How to Recognize—and Manage—Imposter Syndrome

February 22, 2021

It often starts as a little voice. “She looked better doing that combination than I did.” “I’m never going to get that role.” But over time, the whispers can turn to shouts. “I’m not as good as they think I am.” “I’m never going to make it as a professional dancer.” “I don’t belong in this program.”

These nagging negative thoughts are often the hallmark of what’s commonly referred to as “impostor syndrome,” a phenomenon where someone often doubts their talents and attributes any success to luck. “You’re always afraid that you’re going to be found out as a fraud,” says Brooke Ewert, a sports counselor at Rocky Mountain Sports Counseling Center in Colorado. Even dancers who’ve never battled impostor syndrome before might find it sneaking up on them as they enter a college dance program, where the pressure to go professional ramps up. But you don’t have to be a slave to these anxious thoughts.

Impostor to Invincible: Beating the Monster

Constantly questioning your competency can take a toll on your dancing and begin to seep into other aspects of your life, Ewert says. Facing this head-on can keep it from robbing you of the joy dance should bring.

Find a nondance support system. Create a network of friends, family and peers outside of dance that you can turn to when you need a reality check and a moment away from the pressures of training. These people can provide a fresh, outsider’s perspective.

2. Remember that dance is subjective. In any art form, critique is often rooted in preference. Impress yourself first and others second. Remember that your dancing will never please everybody.

3. Write down your goals for the semester. Focus on personal growth rather than landing a specific role or getting cast by a guest choreographer.

4. Celebrate your accomplishments. When you check off a goal on your list, congratulate yourself! Take a moment to acknowledge and celebrate your growth. This will help you focus on your strengths, not just your weaknesses.

5. Practice gratitude. Instead of worrying about how you looked during your variation or whether or not an audition went well, relish the feeling of dancing. Be thankful for the opportunity to move your body, attend your university and hone your craft.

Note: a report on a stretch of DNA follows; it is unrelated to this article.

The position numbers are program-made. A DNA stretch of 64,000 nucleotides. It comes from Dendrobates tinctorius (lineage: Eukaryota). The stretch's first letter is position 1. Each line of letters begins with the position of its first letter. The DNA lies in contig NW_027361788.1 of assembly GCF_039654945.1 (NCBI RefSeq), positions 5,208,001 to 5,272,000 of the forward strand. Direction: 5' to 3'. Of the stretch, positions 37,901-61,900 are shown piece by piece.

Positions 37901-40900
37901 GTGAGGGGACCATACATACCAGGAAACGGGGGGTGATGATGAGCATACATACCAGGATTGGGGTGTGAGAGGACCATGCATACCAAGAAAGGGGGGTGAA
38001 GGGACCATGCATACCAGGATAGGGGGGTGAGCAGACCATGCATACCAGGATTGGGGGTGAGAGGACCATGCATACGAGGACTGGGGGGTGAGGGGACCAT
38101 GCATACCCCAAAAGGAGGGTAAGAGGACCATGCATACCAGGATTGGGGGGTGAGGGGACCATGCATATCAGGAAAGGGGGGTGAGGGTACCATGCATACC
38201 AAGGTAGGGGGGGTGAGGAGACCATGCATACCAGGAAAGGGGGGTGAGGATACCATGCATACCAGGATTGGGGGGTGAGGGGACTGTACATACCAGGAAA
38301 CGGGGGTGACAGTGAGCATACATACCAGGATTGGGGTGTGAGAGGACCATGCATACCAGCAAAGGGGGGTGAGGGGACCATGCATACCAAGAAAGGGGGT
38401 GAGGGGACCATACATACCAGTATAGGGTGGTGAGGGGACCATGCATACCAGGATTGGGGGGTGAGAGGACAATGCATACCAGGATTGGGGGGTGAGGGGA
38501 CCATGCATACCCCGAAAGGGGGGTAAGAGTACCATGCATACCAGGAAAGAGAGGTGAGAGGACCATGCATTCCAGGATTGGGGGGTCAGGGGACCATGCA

Know the Signs

Dancers who grapple with impostor syndrome fear that any mistake could reveal that they’re a fraud, Ewert says.

Impostor syndrome is not a disorder listed in the Diagnostic and Statistical Manual of Mental Disorders, but it is often accompanied by anxiety. If your dance training is becoming anxiety-inducing, Ewert suggests trying to drill down to the source of those feelings.

Excessive negative self-talk.
Pay attention to your thoughts in class or onstage. Are you constantly belittling, berating and talking down to yourself? Do you always deflect compliments?

All You Need Is One Yes

Kristyn Williams is caught midair, torso curved parallel to the ground as her back leg flicks behind her.
Kristyn Williams

Lee Gumbs, Courtesy Williams

When Kristyn Williams started training in the commercial-dance program at Pace University, her impostor syndrome came to a head. “You have those moments where you’re really questioning yourself, your identity, your worth and if you want to make this a career,” she says. Her freshman and sophomore years were a roller coaster, she recalls. When her friends were cast in a role instead of her, she would celebrate with them but then harbor feelings of insecurity and doubt, wondering if she was good enough to make it in the dance world.

It wasn’t until she spent her junior year spring semester in Los Angeles with Pace that she began to change her mindset around rejection. “I started to understand that you’re not going to always have one straight shot forward,” she says. Williams noticed that in a sea of nos, all it took was one yes to change a dancer’s life.

Her Tricks for Managing Impostor Syndrome


Journaling and goal setting

Repeating the mantra “Nothing lasts forever”

Investing in programs for self-growth, like mentorship, dance intensives and nondance, artistic workshops